Silver Alloys

Brazing is a technique of joining metals or ceramics where the joint bond is formed by the capillary attraction of the liquid filler metal into the gap between the narrowly fitted surfaces. Brazing differs from welding in that only the melting of the filler metal is involved in the creation of the joint assembly.
Brazing offers multiples advantages over welding, namely:
  • Operation speed;
  • Possibility of forming several joints at once, even on complex geometries;
  • Possibility of combining brazing and a post-braze heat treatment (PBHT), such as tempering or aging, in the same thermal cycle;
  • Less deformation
  • Insignificant impact on base metal properties (mechanical properties or corrosion resistance).
A distinction is made between brazing and soldering, depending on the melt temperature of the filler metal:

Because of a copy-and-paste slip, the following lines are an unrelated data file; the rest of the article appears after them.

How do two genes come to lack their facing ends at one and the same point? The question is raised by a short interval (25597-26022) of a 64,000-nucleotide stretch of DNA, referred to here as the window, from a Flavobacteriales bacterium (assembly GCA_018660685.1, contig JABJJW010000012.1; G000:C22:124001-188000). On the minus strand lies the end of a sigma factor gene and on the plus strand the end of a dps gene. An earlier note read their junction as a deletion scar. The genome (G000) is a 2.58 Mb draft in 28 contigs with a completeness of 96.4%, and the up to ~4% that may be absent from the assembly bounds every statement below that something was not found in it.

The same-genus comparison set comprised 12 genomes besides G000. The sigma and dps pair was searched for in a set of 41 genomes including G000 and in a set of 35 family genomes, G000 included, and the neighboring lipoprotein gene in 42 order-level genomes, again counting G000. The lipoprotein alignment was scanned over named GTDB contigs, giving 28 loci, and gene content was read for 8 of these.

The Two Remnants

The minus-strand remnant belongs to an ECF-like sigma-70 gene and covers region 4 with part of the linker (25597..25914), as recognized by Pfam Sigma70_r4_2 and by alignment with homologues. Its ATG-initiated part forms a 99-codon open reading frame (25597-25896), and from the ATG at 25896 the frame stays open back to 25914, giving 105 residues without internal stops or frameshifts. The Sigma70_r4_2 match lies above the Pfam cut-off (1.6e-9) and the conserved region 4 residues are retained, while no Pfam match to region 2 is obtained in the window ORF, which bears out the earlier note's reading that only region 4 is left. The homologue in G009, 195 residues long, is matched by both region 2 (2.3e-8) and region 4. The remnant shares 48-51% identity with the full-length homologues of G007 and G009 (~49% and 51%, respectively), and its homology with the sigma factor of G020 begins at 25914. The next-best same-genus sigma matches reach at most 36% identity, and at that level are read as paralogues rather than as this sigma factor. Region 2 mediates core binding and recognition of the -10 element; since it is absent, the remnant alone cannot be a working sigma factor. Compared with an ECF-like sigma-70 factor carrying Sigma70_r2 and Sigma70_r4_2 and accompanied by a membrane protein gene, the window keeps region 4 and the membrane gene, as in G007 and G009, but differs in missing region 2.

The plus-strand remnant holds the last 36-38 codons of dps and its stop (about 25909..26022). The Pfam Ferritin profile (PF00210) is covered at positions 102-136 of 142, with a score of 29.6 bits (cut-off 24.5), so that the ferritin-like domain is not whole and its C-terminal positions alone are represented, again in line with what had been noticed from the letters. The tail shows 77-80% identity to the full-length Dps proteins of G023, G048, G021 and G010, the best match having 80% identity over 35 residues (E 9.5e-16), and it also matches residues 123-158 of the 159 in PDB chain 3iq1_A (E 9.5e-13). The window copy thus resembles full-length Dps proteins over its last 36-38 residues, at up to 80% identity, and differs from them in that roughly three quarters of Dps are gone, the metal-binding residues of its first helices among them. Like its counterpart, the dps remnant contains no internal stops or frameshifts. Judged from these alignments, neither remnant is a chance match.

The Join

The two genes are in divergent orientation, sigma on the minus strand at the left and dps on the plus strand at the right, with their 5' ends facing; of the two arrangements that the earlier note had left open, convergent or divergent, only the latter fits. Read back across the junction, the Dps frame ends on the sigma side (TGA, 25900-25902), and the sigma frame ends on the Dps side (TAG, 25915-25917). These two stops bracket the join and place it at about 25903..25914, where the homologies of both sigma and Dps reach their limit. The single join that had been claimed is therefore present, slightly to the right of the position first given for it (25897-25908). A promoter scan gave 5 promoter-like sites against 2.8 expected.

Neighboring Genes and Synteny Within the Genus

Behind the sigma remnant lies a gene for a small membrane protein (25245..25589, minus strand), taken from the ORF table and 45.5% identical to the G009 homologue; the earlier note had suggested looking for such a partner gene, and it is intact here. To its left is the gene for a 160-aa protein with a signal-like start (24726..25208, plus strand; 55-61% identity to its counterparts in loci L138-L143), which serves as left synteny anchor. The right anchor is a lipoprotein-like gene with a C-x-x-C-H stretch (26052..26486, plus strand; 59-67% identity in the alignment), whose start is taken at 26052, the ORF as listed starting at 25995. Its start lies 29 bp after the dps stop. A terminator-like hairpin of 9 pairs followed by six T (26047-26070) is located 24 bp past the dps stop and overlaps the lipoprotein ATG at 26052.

• Brazing involves the use of braze filler rods with a melting point above 450°C (900°F): copper alloys, silver alloys, nickel alloys, cobalt alloys, gold alloys, and aluminum alloys.
  • Soldering involves the use of solder filler metals with a melting point below 450°C (900°F), particularly the following alloys: tin-lead (Sn-Pb), tin-silver (Sn-Ag), tin-silver-copper (Sn-Ag-Cu), tin-antimony (Sn-Sb), and zinc-aluminum (Zn-Al).
Contact our metallurgists, to get the right alloy for your welding project.